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I'm bored, and this problem just haunted me again. Back at university, I used to always wonder how they schedule exams. The ability to schedule 10k student to do exams in 2 weeks and guarantee that no student will have an exam in two consecutive periods. I'm assuming some form of heuristics be applied.

I'm bored tonight, and if you give me the right tools, I'll work on it tonight and up to the weekend

cheers, dassouki

EDIT 1: I guess the assumption would be that all we know is the following:

  1. Number of students and the courses that they're each enrolled in
  2. Number of exam period spots
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If they actually do that, things have changed since I went to college -- I definitely had some exams during consecutive periods. – Jerry Coffin Oct 20 '09 at 21:55
I fear it's still done by hand in the vast majority of cases. It's not like the ten thousand students each have a completely different set of exams, right? There are probably a few tens of 'exam groups', each with up to a few hundred students in it. It shouldn't be that much of a problem to schedule them by hand if you have enough space. – Joren Oct 20 '09 at 21:58
I went to college just a few years ago. Even though all our scheduling systems were electronic, the onus was on the conflicted student to resolve conflicting scheduled times and find an administrator to reschedule them. The system had no scheduling intelligence of its own. – ephemient Oct 20 '09 at 21:59
I always suspected that they schedule 'complementary' courses so that they did't conflict. That is, a sophomore EE major is likely to be taking both 'Elements of EE' and 'Signals & Systems', so they'd never schedule them together. Though it would be safe to schedule 'Signals II' conflicted, because a freshman would never take it. It's the electives that screw things up (and where you usually had to reschedule an exam). – Marc Bernier Oct 22 '09 at 16:43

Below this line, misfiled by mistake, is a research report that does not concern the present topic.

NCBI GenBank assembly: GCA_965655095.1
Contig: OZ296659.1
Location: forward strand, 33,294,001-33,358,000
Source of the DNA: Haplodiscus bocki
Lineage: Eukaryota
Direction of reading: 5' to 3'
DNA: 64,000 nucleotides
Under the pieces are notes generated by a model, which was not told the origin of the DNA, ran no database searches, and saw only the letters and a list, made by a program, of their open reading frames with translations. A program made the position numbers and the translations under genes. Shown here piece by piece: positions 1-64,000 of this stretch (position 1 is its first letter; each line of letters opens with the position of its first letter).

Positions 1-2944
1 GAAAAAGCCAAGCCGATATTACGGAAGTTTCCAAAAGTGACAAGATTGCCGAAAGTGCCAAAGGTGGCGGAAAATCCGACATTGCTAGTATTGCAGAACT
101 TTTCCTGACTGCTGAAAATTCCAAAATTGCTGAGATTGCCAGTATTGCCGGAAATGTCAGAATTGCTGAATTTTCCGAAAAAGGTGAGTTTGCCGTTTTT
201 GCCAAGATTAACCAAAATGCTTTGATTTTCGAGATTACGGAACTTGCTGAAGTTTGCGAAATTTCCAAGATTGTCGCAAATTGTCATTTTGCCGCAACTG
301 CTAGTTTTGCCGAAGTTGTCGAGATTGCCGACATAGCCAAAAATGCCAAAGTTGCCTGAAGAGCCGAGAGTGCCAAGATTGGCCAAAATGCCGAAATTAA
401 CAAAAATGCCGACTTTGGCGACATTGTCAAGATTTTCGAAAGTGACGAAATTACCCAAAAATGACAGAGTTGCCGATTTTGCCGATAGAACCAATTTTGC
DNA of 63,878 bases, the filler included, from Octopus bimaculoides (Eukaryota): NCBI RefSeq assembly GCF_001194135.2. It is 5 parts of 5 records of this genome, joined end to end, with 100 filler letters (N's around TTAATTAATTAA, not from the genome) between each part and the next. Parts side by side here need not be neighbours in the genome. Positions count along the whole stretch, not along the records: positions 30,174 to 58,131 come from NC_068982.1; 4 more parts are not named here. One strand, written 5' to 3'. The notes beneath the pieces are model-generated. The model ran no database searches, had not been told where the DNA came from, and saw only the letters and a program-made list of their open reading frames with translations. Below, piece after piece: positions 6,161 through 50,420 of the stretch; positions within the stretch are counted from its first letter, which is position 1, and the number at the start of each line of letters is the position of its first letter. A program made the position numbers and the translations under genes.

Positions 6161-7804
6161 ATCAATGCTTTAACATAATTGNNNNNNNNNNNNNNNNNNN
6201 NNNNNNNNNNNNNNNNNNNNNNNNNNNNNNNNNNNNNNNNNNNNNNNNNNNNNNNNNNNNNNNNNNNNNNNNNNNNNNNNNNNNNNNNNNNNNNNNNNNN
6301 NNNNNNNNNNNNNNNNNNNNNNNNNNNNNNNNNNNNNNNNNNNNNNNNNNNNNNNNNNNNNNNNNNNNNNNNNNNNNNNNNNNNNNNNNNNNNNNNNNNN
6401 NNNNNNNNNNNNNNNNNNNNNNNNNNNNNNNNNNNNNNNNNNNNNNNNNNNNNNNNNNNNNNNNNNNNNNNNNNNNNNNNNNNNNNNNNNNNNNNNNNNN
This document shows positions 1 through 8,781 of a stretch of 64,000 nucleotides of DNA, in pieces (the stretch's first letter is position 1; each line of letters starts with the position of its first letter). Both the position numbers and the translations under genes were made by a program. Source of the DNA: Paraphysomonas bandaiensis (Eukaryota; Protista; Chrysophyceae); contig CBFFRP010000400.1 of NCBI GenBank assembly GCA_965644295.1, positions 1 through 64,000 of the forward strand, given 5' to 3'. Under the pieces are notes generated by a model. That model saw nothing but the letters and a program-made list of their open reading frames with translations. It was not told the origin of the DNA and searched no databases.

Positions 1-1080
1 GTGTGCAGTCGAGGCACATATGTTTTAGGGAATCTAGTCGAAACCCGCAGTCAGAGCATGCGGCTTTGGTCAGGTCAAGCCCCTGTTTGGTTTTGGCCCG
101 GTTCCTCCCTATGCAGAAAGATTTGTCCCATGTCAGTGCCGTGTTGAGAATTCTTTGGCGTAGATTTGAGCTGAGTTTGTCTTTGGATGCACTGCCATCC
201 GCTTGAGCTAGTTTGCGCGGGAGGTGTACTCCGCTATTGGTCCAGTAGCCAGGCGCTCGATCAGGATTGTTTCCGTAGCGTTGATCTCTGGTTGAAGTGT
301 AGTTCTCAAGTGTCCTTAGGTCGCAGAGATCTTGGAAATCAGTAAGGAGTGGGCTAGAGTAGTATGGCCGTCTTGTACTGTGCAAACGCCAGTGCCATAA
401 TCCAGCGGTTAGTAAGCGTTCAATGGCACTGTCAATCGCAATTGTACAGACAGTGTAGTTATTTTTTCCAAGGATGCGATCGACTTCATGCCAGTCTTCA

10 Answers 10

up vote 11 down vote accepted

This is a famous computer science problem (the exam scheduling problem) which is known to be NP-hard. You might not be able to solve it over a weekend.

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This is an application of the graph coloring problem. This problem can be represented as a graph where every vertex is a course and an edge between two vertices mean there is a common student enrolled in both courses. So this is a graph coloring problem where minimum number of time slots is equal to the minimum number of color required for coloring the vertices of the graph such way that no two adjacent vertices share the same color.

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Drools Planner has an exam scheduling example (called examination, see download and reference manual). The problem is specified in the ITC2007 competition track 1.

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A few things to make the problem simpler. You can probably shrink the number of "units to schedule" down from tens of thousands to a few hundred, by looking at people who are sitting the same set of exams. If you have 300 people who all are sitting "Introduction to Computer Science" and "Maths for CS students", you can schedule all 300 as a single unit, because they will all have the same constraints and you (probably) do not want identical exams to be given in multiple slots.